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The Handmaid’s Tale – A Review

Jorge Sette By Jorge Sette Published on December 30, 2015

Best-selling Canadian writer Margaret Atwood is more popular than ever these days. Two of her novels have been turned into critically-acclaimed TV shows. The miniseries Alias Grace has just premiered on Netflix, and The Handmaid's Tale has secured a second season for 2018 on the streaming service Hulu. Let's find out more about the book behind the successful Hulu show: 

It’s been over 30 years since the dystopian world of Margaret Atwood’s The Handmaid’s Tale was first published. The story remains fresh, relevant and ominous, though. The novel tells of how America has been suddenly turned into a totalitarian right-wing Christian theocracy, The Republican of Gilead, where there is a widespread infertility crisis. Gilead has women and unwomen, besides men.

The women are classified hierarchically and wear different color uniforms. There are the Handmaids, the ones whose ovaries are viable and, therefore, can provide the State with its most valuable and scarce resource: children; the Marthas, mere house workers; the Aunts, older women who train and indoctrinate the handmaids in a preparatory camp, the Red Center, before they are assigned to a posting (a family they will serve); the Econowives, working-class women; and the Wives, married to the powerful Commanders, the ruling class of men. Other classes of men, such as doctors, guards (Angels), Eyes (spies) and commander’s chauffeurs are also mentioned in passing, but we don’t get to know much about them.

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The unwomen, on the other hand, are the ones who are either barren; too old; or have committed some sort or libertarian and criminal act against the regime. Those are sent to the colonies, where they are subject to harsh living conditions, picking cotton or cleaning toxic waste in contaminated fields. A handmaid’s ultimate fear is to be sent to one of the colonies, which will happen unless she performs the duty of giving birth to her commander’s child. Many men are infertile, but it’s against the law to mention this fact.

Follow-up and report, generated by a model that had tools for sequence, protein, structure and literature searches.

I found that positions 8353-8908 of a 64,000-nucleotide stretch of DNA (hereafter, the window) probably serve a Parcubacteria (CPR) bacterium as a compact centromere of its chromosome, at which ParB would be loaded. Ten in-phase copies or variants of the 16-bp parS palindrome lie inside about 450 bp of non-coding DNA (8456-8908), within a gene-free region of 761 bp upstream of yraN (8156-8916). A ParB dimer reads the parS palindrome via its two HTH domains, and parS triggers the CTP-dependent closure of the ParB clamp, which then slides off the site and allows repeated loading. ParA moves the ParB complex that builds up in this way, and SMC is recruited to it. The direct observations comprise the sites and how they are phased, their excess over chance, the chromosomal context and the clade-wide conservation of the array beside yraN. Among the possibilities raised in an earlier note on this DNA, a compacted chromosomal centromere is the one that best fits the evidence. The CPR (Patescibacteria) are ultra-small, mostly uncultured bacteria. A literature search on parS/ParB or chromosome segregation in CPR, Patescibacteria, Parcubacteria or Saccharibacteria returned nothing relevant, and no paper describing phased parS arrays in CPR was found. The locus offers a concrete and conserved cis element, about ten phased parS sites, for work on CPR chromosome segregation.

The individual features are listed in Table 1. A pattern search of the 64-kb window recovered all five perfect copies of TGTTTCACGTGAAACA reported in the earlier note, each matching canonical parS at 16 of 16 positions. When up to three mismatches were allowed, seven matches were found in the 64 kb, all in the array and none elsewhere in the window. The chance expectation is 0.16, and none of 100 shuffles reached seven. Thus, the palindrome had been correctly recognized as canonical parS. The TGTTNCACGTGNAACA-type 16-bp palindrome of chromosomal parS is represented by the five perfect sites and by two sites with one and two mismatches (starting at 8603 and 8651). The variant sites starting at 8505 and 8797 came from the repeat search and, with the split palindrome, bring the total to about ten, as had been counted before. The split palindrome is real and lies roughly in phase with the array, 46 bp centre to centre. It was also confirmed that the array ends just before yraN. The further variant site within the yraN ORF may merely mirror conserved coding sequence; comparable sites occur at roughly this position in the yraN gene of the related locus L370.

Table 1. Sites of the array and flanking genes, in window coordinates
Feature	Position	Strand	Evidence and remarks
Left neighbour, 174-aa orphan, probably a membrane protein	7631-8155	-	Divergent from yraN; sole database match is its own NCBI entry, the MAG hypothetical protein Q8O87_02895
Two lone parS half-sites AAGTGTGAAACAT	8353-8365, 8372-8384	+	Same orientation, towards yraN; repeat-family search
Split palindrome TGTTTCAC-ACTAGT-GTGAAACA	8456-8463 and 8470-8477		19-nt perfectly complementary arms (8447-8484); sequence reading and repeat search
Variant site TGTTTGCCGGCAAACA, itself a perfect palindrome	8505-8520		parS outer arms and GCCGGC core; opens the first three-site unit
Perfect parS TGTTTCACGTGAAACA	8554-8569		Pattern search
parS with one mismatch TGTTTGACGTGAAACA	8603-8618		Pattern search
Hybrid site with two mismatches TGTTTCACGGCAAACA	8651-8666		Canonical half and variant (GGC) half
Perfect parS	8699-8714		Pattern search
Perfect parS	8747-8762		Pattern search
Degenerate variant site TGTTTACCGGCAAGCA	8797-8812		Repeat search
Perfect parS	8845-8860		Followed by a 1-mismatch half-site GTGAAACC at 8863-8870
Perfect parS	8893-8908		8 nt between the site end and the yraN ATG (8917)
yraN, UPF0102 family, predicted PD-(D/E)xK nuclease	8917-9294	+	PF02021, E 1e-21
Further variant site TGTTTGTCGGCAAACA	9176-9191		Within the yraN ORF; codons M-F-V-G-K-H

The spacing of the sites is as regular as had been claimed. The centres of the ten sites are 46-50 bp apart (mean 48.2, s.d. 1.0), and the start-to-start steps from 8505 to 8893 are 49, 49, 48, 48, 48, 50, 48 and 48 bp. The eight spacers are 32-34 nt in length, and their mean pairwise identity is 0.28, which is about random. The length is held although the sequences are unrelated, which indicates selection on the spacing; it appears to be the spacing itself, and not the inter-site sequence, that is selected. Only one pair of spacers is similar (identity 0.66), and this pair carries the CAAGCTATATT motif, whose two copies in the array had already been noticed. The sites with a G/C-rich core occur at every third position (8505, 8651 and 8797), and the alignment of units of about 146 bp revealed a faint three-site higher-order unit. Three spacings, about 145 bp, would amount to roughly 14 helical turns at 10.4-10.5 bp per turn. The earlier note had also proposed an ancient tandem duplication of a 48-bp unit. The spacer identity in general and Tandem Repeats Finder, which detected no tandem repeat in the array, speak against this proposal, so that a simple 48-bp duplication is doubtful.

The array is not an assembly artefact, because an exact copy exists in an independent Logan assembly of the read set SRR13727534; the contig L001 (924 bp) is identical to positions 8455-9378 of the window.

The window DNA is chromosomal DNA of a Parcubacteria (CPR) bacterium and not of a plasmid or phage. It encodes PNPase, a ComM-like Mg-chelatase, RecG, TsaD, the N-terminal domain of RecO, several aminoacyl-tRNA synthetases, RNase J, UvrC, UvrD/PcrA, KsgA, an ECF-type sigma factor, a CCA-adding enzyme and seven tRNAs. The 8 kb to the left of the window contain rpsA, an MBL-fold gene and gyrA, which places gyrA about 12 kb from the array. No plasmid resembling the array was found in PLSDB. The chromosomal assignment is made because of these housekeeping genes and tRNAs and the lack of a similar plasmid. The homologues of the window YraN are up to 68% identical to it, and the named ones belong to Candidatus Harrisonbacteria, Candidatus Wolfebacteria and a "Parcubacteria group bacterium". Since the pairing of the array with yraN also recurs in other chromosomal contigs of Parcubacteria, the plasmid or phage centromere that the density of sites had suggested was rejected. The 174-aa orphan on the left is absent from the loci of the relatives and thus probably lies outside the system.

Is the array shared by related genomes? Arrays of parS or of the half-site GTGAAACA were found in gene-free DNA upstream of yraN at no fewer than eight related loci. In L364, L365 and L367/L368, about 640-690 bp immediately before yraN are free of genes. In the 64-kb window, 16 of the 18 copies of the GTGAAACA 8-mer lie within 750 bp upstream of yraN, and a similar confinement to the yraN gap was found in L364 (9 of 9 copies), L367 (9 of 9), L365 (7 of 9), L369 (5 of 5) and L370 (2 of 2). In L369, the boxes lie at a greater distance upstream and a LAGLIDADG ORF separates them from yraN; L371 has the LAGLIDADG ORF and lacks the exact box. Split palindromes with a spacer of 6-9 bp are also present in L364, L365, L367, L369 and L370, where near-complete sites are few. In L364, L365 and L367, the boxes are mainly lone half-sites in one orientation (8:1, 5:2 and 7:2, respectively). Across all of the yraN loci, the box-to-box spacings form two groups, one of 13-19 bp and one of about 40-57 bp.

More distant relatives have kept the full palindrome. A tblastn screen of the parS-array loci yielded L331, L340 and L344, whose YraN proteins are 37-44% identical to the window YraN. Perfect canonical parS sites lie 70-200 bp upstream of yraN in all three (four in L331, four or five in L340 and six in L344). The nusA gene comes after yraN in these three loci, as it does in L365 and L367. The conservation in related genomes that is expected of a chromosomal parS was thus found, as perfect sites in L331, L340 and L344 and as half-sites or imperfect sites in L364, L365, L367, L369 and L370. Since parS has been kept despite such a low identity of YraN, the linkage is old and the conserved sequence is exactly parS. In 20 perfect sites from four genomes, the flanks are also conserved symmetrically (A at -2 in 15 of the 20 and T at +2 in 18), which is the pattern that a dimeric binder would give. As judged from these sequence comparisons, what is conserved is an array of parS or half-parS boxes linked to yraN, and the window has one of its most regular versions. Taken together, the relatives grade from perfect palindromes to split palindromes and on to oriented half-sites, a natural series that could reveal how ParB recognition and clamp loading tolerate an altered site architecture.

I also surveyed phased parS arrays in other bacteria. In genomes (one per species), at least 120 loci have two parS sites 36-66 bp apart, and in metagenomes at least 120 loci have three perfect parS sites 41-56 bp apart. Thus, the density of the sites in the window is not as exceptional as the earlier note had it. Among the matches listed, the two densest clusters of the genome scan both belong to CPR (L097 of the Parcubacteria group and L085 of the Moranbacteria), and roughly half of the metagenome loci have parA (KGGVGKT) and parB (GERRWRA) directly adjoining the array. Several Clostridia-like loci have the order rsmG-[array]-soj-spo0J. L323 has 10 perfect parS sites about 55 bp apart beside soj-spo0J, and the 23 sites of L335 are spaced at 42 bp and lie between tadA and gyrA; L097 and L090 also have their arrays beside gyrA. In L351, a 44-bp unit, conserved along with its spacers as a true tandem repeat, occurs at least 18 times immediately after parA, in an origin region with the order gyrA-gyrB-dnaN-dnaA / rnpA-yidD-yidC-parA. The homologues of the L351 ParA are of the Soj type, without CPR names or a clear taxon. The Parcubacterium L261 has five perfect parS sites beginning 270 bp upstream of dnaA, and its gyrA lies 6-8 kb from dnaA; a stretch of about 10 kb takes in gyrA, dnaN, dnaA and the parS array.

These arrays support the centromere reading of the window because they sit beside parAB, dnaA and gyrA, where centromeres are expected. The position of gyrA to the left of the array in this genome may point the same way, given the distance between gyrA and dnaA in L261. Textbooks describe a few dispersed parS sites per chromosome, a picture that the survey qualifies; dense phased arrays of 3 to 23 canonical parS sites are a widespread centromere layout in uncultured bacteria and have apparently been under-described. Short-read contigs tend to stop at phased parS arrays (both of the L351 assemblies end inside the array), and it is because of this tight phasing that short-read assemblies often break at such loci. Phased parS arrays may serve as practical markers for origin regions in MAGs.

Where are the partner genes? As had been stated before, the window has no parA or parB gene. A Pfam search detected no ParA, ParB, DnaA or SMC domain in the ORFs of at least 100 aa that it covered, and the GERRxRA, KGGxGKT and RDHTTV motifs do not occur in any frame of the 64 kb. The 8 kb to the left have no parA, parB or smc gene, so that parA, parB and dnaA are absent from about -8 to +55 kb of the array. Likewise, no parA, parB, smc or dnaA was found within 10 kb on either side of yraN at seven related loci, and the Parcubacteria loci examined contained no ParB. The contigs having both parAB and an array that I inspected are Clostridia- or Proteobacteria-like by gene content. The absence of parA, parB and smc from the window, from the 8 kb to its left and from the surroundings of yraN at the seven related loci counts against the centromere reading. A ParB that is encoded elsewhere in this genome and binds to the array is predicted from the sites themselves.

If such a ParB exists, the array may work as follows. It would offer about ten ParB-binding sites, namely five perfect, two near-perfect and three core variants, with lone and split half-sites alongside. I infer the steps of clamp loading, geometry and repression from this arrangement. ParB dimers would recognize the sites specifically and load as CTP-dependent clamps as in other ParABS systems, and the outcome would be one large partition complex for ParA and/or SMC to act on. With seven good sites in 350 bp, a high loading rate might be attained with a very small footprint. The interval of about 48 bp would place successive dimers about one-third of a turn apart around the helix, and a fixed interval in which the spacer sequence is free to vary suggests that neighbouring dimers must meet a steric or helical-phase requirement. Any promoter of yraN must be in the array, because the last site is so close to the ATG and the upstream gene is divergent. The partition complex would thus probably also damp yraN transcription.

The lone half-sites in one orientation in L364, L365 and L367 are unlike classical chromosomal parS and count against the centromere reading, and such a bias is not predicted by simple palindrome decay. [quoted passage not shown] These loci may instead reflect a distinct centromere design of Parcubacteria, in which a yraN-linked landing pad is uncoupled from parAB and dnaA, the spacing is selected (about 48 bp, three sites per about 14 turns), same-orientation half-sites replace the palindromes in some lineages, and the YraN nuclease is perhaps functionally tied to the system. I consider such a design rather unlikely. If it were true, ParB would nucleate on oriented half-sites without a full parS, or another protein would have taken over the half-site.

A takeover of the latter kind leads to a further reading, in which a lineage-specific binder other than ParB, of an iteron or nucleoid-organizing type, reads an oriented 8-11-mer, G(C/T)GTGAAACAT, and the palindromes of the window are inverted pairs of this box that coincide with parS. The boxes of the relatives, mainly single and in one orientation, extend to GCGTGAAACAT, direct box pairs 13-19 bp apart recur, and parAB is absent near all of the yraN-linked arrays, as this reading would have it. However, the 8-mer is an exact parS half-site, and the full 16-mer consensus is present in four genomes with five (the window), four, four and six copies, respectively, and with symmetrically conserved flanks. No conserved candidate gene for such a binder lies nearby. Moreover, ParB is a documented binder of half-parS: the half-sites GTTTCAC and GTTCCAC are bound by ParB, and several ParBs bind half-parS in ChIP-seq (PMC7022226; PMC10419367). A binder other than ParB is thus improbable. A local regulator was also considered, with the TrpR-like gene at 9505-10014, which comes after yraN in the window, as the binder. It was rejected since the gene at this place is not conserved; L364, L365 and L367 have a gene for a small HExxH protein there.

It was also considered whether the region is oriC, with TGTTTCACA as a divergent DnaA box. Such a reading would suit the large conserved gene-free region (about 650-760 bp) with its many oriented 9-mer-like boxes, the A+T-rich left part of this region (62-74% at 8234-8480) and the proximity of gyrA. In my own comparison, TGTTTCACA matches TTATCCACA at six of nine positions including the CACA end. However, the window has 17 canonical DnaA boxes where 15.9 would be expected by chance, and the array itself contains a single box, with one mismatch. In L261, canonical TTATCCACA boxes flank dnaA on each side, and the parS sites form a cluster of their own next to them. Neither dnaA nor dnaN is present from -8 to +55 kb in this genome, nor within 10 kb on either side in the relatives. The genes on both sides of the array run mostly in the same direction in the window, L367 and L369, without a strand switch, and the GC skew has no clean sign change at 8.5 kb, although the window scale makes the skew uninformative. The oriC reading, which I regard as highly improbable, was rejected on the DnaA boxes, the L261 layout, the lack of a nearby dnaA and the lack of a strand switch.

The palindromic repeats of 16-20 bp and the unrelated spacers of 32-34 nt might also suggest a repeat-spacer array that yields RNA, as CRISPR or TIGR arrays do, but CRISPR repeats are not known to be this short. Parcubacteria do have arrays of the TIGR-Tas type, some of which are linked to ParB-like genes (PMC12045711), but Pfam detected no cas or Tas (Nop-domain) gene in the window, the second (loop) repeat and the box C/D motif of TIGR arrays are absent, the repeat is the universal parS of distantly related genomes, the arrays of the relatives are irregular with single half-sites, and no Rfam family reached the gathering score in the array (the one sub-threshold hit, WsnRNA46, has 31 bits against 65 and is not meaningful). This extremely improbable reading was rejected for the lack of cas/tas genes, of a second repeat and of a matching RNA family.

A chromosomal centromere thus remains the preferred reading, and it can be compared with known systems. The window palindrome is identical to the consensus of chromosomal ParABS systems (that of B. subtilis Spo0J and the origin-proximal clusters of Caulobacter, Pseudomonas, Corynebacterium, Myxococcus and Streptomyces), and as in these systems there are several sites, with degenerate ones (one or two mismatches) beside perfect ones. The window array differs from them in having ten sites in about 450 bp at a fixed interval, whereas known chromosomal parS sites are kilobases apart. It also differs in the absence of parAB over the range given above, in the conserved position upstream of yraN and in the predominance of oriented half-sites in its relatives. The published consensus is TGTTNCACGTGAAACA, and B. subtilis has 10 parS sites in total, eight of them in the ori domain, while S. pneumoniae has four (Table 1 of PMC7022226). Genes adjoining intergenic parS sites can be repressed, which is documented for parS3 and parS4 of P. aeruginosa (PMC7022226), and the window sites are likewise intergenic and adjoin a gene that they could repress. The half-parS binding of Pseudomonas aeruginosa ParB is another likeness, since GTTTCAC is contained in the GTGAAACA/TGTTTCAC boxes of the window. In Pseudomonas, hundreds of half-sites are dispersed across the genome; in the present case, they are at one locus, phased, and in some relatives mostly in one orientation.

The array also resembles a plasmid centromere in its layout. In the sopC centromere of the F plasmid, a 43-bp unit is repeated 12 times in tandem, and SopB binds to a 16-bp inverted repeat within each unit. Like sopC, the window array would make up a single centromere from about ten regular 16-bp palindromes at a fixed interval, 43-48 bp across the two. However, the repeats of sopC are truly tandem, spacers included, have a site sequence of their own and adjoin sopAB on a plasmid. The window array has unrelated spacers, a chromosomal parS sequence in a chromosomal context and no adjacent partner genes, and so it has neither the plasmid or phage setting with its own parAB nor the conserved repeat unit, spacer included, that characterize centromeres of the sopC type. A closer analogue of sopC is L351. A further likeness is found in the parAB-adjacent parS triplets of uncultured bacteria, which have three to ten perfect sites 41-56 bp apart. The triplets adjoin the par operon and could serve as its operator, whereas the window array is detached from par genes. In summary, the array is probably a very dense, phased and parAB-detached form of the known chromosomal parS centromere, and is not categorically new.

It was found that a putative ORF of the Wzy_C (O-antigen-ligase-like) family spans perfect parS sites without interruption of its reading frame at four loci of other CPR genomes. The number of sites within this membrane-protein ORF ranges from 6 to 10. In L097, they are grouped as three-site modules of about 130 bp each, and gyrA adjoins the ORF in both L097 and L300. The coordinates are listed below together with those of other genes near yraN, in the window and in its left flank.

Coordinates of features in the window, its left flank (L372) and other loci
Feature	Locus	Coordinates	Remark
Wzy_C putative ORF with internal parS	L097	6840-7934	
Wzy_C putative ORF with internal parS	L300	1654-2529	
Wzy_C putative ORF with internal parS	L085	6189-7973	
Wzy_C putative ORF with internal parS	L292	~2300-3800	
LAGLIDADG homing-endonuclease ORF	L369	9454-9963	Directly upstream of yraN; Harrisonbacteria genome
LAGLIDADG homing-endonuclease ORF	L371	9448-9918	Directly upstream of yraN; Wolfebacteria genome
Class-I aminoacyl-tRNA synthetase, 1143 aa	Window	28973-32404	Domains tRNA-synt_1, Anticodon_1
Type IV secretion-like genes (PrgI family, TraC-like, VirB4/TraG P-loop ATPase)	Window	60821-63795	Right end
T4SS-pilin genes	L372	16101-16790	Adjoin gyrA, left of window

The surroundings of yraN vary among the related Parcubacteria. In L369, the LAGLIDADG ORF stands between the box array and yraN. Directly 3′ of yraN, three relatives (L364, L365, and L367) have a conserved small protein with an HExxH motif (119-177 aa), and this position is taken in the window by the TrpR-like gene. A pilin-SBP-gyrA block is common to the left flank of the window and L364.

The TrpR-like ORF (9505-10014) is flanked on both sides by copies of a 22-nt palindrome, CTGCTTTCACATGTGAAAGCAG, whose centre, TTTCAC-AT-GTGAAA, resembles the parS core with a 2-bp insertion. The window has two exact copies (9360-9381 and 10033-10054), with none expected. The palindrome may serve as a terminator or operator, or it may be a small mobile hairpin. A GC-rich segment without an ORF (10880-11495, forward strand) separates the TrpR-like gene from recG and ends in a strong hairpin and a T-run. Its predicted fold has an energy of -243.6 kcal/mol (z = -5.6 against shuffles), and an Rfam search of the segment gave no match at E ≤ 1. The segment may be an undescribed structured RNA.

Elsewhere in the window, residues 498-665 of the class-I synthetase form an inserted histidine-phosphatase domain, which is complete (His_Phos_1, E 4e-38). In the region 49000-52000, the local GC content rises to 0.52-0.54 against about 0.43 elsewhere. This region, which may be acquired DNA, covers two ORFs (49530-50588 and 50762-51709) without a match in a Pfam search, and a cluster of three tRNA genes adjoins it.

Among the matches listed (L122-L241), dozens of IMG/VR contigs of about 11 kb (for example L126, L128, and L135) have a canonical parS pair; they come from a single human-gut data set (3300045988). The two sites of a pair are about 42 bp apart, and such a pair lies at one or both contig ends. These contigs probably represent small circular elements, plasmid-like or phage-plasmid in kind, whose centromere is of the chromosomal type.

Commanders live with their families - wife, and kids - and their servants: guards, chauffeurs, marthas, and handmaids. If a wife is not barren, she will not need a handmaid, whose only purpose is to procreate and then hand the children over for the wives to raise.

Society is rigidly controlled. Reading and writing have been abolished, along with other freedoms we take for granted. There is a vague war being waged against competing factions, some of them religious, such as Quakers and Baptists. However, as there are no newspapers and TV news seems either old or fabricated, performed by actors, nobody knows exactly what is going on. The dead bodies of dissidents – doctors who performed abortions, for example - are left hanging in public places to discourage future rebellions.

The story is narrated by the 33-year-old handmaid called Offred: the new name issued to her by the regime, indicating that she is the possession of Fred, her commander. She makes sure to state, on different occasions, that the story she’s telling us is a reconstruction since language is incapable of conveying the real experience in all its nuances and details. So we are never 100% sure she is telling the truth. She still remembers her former life, when she used to be married to a guy named Luke, had a daughter, a feminist mother, a best friend called Moira and a regular job. When the army of the regime took over, Offred’s family tried to run away to Canada, but they were caught. She doesn’t know what happened to her husband, daughter, and mother. Are they still alive? Do they miss and remember her? She never loses the hope of hearing from them. Offred believes there must be some underground resistance movement going. If there’s a shadow (the current regime), there must be a light, she rationalizes. She has heard it’s called Mayday.